And unlike Jacobs, we do not even expect, as a result of his considerable efforts at finding cousins, a significant decrease in what he refers to as the “elitism” of those proud of their descent. People who were simple-minded enough to think that being born into a family or where and when they were born constituted a merit of theirs can’t, shan’t, and won’t change their minds about this.

The Cousinhood of Humanity will likely remain a utopian idea – beyond being scientific fact of course.

Propaganda, from dawn till Tusk

by fpman

In the context of some serious political campaign struggles in Poland in 2005 it came to be revealed, upon much dirtier allegations, that Donald Tusk, who was then leader of the Polish opposition, did have a bit of a skeleton in the closet problem. His grandfather briefly served in the ranks of the German Wehrmacht during WWII. Even this much could have hurt Tusk, given how Germany treated Poland during the world war. But a deeper look into the matter uncovered that his grandfather was forcibly recruited by the Germans in mid-1944 after serving as a (forced) railway laborer first. Mitigating circumstances, surely.

Tusk says he only learned of all this after he came under attack related to this from political forces to the right of him on the political spectrum in Poland (the camp behind the Kaczyński brothers’ Law and Justice party). This is how he spoke of this:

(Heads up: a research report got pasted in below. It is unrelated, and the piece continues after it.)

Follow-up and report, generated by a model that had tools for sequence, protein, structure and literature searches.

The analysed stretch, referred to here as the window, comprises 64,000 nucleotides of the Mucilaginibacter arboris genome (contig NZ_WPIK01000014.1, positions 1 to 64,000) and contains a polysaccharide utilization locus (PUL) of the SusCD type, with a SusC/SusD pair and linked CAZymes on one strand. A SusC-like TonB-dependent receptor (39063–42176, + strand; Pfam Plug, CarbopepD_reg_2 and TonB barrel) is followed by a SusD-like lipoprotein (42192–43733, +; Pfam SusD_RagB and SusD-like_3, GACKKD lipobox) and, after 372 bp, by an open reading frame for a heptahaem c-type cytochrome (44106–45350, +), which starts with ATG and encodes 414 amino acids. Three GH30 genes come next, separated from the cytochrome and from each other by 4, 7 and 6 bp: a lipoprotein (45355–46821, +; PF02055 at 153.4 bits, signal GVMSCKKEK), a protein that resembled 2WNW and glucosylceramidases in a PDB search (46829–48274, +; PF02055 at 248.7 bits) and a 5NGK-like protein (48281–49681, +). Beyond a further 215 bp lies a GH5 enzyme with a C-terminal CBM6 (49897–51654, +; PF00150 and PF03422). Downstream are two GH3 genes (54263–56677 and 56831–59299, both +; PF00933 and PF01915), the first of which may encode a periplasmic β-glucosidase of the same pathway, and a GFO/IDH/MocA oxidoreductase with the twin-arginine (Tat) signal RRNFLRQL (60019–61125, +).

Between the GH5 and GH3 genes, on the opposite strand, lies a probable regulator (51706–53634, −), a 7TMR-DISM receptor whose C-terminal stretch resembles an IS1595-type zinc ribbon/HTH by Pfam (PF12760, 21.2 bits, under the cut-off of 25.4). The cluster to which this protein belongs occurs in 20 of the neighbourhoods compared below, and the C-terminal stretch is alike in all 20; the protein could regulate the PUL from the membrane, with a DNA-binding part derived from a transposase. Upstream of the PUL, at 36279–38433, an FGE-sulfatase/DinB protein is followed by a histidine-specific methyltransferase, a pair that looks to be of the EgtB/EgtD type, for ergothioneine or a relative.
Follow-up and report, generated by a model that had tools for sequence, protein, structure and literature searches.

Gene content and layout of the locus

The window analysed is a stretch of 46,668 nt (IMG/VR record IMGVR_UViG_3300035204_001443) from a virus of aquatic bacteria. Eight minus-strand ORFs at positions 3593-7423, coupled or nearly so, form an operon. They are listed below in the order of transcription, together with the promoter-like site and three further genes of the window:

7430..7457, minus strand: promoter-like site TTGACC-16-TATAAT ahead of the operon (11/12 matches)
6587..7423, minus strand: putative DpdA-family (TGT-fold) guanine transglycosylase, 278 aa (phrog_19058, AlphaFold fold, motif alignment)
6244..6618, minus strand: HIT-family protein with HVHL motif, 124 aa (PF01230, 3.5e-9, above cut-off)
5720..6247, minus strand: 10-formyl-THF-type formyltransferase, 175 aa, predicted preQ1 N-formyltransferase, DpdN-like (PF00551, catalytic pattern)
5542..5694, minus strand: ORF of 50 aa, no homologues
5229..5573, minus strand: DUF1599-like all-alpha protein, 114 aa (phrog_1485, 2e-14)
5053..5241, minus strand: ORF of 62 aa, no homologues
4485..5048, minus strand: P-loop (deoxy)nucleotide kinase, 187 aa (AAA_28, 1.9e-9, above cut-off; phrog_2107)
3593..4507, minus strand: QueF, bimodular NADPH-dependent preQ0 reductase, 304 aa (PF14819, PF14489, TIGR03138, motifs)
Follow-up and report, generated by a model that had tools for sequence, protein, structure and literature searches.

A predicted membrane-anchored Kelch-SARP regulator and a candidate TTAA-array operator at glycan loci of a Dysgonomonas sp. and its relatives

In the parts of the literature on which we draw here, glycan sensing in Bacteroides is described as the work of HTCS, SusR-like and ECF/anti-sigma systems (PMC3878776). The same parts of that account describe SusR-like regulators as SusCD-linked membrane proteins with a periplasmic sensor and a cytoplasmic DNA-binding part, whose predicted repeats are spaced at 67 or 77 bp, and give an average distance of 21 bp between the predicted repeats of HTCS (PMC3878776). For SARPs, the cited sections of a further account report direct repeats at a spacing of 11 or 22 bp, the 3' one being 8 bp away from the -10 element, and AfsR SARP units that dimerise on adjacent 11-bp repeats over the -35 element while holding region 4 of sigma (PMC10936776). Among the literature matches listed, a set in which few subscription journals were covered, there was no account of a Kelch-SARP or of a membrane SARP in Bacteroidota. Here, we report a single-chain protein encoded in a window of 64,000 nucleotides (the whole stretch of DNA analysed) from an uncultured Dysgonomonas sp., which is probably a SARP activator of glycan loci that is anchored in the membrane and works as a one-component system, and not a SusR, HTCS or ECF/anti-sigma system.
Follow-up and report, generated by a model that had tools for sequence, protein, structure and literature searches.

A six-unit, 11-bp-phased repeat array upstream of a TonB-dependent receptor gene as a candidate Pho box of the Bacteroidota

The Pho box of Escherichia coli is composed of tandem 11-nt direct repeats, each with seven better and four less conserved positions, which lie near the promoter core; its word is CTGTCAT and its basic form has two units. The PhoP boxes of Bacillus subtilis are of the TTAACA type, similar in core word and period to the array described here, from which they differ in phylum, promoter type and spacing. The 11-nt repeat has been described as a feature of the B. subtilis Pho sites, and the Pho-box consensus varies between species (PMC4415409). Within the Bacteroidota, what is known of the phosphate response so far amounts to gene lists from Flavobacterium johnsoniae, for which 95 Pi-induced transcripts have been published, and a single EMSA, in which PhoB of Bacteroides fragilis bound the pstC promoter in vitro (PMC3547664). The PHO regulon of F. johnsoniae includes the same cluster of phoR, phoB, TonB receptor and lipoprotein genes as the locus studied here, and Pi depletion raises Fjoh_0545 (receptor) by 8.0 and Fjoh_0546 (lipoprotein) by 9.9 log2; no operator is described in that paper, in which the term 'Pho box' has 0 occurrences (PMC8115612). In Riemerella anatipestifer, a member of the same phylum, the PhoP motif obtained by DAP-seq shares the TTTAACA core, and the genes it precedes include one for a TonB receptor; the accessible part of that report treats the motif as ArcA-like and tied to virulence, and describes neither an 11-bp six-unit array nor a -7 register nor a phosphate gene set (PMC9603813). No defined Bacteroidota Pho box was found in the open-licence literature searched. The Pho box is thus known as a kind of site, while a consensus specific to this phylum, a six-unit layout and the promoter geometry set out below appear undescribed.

“I have nothing to regret, it’s my family’s biography. As a historian and as a man, I prefer to know the painful truth over a pleasant lie.”

Tusk went on to become Polish Prime Minister (2007-2014) and eventually President of the European Council – he will only take office in December, but his selection was announced at an August 30 European Council meeting.

On various, by all appearances Russia-friendly, English-language sites (see here [niver85.tumblr.com, September 2] and here [tigr.net, September 5]) that effectively function in this context as echo chambers for a propaganda machinery, there very quickly appeared a different version of Tusk’s past, however, accompanied by what was claimed to be photo proof of that version being the truth (with no references as to where the information regarding this was coming from).

According to the “creative” version, Tusk’s grandfather was even happy to serve in, well, not simply the Wehrmacht but the SS rather… To back up the allegation, even a photo was provided showing a young man in the driver’s seat of a car full of SS officers – and the young man appears remarkably similar to Donald Tusk. The similarity cannot be denied, that is for sure.